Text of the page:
The coveted white truffles are highly sought after when they come from the Alba, Piedmont area in the northwest, which is similar to our Napa Valley. However the demand for certain wines from that region (Barolo, Barbaresco) has created a situation where the land is being altered by vintners, with trees being removed to make way for grape vines, and chemicals being used in the soil to aid in the grape-growing process. Trees are necessary for the truffles to grow, so Alba truffles are very rare indeed. In fact, less than 3% of the truffles on the market hail from Alba, and most of the truffles from that region stay local. So be aware, if you happen to see a menu flaunting that the truffles are from Alba: it is likely a lie.
Black truffles can be “seeded” with spores and grown in other locations that have the right climate and trees, but white truffles can not. Therefore, white truffles tend to be a fuckload more expensive, as they are much more rare and localized. Think $1,000/lb.
In Italy, much of the land where truffles are hunted is public access, meaning anyone can come by (licensed truffle hunters, typically) and pick up a truffle. In other places, like Australia or the USA, the land can be owned outright so no one else can lawfully snatch up any truffles that might be growing on your tree roots.
Now that you’ve gotten a good first lesson on truffles, I guess I can begin the product and press review portion of the post.
Urbani Truffles began in 1852 and now supplies 70% of the global market with their truffles.
Urbani Truffles are in the hands of NYC restaurateurs within 36 hours of being dug up by their network of truffle hunters in Italy. Amazing! Truffle hunters go out with their trained sniffing dogs at night, to minimize noise and distractions for the dogs. The next morning, any truffles that were gathered are cleaned and sent to the market or shipped out on airplanes all over the world. Cleaning just requires getting the dirt and blemishes off (like a potato). If needed, some light brushing is done, but cleaners are careful to avoid direct contact with water, as that can harm the truffle.
Take a look at this Urbani video below, which will help you visualize the entire process.
You probably noticed some truffle products in there, like oils and canned goods. Whatever Urbani doesn’t think is fit for the fresh market, they use to create various other products.
Like their fresh truffles, these products are all top notch quality. They never use chemicals in their products, so everything is all natural. Chemicals actually taint the flavor of truffle products, and deliver too much truffle flavor and aroma up front.
All of Urabni’s truffle products will deliver a delayed and longer lasting truffle flavor, due to their rejection of chemicals in the production process.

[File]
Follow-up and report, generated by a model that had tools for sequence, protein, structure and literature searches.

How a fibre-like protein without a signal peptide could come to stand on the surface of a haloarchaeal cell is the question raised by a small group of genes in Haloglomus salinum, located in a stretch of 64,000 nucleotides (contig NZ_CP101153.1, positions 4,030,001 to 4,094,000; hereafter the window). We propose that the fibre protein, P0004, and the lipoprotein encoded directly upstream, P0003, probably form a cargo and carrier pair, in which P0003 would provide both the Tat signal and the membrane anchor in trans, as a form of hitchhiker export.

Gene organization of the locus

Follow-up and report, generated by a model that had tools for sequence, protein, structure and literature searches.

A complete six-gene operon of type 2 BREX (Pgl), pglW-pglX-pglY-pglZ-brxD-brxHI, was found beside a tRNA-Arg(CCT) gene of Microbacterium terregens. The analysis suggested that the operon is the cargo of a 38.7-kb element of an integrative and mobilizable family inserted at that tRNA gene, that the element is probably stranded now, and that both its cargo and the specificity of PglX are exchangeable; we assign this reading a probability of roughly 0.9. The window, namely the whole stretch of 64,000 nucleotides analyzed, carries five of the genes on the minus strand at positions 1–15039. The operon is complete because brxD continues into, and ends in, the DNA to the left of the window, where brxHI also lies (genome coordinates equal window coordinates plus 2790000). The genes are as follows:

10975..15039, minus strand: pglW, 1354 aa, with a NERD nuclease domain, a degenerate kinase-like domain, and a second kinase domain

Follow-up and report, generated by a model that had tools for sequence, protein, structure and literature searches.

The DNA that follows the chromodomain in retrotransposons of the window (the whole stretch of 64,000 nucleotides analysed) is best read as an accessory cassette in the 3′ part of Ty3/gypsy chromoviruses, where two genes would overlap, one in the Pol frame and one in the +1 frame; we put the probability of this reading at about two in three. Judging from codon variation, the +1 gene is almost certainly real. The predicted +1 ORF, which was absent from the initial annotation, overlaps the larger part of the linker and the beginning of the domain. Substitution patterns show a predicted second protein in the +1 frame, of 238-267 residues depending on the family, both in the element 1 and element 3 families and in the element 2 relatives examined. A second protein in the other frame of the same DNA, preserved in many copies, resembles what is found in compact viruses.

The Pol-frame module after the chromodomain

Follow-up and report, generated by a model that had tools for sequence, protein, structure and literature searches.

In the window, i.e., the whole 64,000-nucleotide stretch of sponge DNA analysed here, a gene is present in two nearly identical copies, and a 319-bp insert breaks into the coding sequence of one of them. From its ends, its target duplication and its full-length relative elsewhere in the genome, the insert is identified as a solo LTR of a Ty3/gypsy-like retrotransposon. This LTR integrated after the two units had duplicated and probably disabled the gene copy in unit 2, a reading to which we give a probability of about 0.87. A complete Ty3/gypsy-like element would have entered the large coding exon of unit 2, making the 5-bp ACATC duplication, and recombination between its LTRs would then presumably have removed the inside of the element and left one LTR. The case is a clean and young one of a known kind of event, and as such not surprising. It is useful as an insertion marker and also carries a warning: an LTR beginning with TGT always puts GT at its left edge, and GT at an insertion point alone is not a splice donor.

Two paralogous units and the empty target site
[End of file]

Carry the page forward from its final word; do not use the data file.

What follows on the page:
I had the pleasure of sampling both their fresh truffles and some of the products they sell when I was invited to their truffle lab on West End Avenue.
As a matter of fact, I was there while a presentation was being given to six Art Institute / International Culinary School students who were selected as the top of their classes to learn about truffles and to practice cooking with them. Talk about having a great lunch!
First, we experienced one of the most simple and satisfying ways to enjoy fresh white truffles: shaved directly onto a fried egg.
According to Vittorio, the VP of Urbani Truffles, salt should be sprinkled on after the truffles are shaved onto the egg. Pepper can take away from the truffle flavor and aroma, so skip that.
Truffle oil goes really nicely with flatbread and pizza. This one we tried really popped, making something as boring as zucchini really exciting for a change.
We also sampled one of the canned truffle products: white truffle with porcini mushrooms. This was added to a pan of sauteed shallots and butter to make a sauce, which went on top of some polenta.
This was delicious, and I can totally see this being used to spike something like gravy or even to make a sauce for the top of a filet mignon. Really flavorful – best thing I ever ate from a can.
Another item I tried was their truffle mnustard. I plan to feature this in some recipes in the future, as I think it would be an excellent addition on a cold cut sandwich or a burger.
Finally, we tried some truffle cream cheese spread as well. This, too, was plopped onto some sauteed polenta. I can’t imagine how amazing this would be on lox.
If you’ve got room in your budget for a fresh truffle, I say go for it. Urbani delivers the freshest product I have ever experienced, and they supply big dog restaurants like French Laundry and Del Posto. Whipe up some homemade pasta, cook it, throw the pasta in a pan with some butter, fry a sunny side up egg for the top of the pasta, and shave that delicious truffle right onto it. Perfection.
But even if a fresh truffle isn’t on your to-do list, then I highly recommend picking up some of Urbani’s other products and experimenting with truffle in your own recipes that way. You can’t go wrong. Every product is amazing.